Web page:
Should Investors Buy Goodfood Stock Ahead of Earnings?

Goodfood (TSX:FOOD) stock dropped on Wednesday ahead of the company’s earnings release. And it’s unclear whether there will be anything to celebrate.

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Goodfood (TSX:FOOD) is due to report earnings before the market open on Thursday, Apr. 14. The meal-kit delivery service continues to trade near 52-week lows but has made some moves lately that could see more revenue come in. So, what should investors do ahead of earnings with Goodfood stock?

What’s been happening?

Goodfood stock focused in on its micro-fulfillment work during the last few months. This allowed the company to move a bit away from the meal-kit service that rose the company to the top of Canadian providers. Now, it’s focusing in on grocery delivery.

Now offered in many urban centres across Canada, the idea is to have one-hour delivery in these urban centres. And to get users interested, the delivery fees are free for the first few months. After that, a subscription fee comes into effect.

The big question, of course, will be whether this is already creating revenue or not. The pandemic allowed Goodfood stock to expand at a rapid pace. However, growth continues to slow as restrictions go to the wayside and Canadians return to in-store shopping.

Does Goodfood stock have anything else up its sleeve?

Last quarter’s earnings

The next earnings due will report the second quarter for 2022. For the first quarter of this year, the company saw a stabilizing of its net sales. That’s not ideal when investors want growth. Furthermore, the company reported a net loss of $22 million, with $2 million put towards “reorganization costs related to cost saving initiatives.”

On the plus side, its customer count grew to 254,000, up from 249,000 the quarter before. That demand could indeed be growing further with the launch of their delivery service, but only time will tell.

It will be interesting to see how restrictions affect Canadian mindsets. On the one hand, they may be wanting to get back to in-store shopping as soon as possible. However, others may be fearful that no masks mean more spread of COVID-19, which has been happening lately. So, this could indeed see an increase in Goodfood stock, with users worried about catching the virus deciding to stay home.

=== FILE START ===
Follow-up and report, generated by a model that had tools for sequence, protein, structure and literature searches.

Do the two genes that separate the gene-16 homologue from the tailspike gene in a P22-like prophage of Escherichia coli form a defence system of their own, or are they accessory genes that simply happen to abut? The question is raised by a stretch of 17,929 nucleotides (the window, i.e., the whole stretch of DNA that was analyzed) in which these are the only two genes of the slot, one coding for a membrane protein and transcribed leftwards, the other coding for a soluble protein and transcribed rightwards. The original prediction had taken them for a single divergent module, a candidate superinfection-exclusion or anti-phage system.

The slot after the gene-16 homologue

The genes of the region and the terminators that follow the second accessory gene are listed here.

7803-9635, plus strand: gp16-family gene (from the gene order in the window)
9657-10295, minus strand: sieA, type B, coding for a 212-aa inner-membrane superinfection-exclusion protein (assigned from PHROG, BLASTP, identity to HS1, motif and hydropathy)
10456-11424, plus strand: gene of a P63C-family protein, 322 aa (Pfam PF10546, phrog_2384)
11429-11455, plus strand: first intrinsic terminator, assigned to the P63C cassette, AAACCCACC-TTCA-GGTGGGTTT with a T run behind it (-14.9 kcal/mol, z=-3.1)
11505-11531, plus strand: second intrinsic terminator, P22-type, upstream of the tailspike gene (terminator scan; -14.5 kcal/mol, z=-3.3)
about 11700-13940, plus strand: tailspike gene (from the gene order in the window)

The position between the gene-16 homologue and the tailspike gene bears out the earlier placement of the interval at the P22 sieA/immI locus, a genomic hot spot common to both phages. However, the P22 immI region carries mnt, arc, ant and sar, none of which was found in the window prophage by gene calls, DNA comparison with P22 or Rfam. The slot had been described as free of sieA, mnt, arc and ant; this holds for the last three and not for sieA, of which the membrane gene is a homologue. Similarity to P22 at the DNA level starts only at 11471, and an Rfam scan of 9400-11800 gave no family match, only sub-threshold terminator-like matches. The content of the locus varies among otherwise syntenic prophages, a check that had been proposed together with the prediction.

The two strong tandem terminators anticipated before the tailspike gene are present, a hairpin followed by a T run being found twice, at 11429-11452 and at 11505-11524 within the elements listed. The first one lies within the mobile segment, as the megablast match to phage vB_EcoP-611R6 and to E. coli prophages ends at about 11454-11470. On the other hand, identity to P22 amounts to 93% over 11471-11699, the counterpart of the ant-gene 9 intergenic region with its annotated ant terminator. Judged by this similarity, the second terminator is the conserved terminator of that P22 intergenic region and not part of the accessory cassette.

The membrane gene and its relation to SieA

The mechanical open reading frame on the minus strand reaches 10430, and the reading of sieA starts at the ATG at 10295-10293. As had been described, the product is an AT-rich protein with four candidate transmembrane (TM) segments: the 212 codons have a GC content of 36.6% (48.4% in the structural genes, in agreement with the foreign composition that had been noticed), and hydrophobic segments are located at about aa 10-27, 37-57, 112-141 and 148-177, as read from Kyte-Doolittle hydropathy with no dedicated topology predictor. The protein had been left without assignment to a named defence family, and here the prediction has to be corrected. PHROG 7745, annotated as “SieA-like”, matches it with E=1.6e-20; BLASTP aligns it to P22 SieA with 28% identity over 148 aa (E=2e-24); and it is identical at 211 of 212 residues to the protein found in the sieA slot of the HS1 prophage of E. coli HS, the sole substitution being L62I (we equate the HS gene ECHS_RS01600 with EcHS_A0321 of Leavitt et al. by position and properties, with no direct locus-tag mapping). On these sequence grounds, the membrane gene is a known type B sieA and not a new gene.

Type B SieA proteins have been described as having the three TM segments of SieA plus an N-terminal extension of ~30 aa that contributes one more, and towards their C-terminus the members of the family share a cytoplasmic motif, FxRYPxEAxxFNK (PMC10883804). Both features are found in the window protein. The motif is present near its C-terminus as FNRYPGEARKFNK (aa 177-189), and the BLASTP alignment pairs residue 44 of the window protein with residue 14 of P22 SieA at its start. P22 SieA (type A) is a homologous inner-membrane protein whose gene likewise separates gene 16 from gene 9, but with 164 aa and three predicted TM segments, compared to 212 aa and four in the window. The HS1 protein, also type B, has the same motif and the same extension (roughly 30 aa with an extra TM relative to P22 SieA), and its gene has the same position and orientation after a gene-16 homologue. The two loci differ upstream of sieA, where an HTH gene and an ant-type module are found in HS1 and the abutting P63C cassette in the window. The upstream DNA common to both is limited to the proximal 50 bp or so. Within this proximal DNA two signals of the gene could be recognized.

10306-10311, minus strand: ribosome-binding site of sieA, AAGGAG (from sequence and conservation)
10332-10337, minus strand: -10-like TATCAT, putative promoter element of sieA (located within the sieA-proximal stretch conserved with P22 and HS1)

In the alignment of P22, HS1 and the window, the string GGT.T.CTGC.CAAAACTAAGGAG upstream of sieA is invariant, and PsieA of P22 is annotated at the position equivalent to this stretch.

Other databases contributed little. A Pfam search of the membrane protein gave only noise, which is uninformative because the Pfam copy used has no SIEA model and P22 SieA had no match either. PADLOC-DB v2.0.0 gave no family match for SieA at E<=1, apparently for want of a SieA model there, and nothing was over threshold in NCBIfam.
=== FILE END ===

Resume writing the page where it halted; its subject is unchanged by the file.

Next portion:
Now what?

I don’t believe we’ll see anything groundbreaking during this next earnings report. In fact, Goodfood stock continues to shrink, trading at about $2.95 as of writing. That’s only slightly higher than 52-week lows. While this could allow long-term users bullish about the company’s long-term performance a solid entry point, I’m not so sure.

It seems that Goodfood stock is a company that became reliant on the pandemic. That’s definitely not good news for long-term investors. There could be more shrinkage instead of more in the near term. Long term, the company could end up pushed out by larger companies around the globe that have already mastered the meal-kit service industry.

So, while Goodfood stock remains the top Canadian provider for now, I’m less certain that it will remain that way for long. Therefore, it doesn’t look like the company’s earnings will offer anything substantial to celebrate come Thursday morning.

Goodfood stock was down 3% on April 13 and 28% year to date.

This article represents the opinion of the writer, who may disagree with the “official” recommendation position of a Motley Fool premium service or advisor. We’re Motley! Questioning an investing thesis — even one of our own — helps us all think critically about investing and make decisions that help us become smarter, happier, and richer, so we sometimes publish articles that may not be in line with recommendations, rankings or other content.

Fool contributor Amy Legate-Wolfe owns Goodfood Market Corp. The Motley Fool recommends Goodfood Market Corp.

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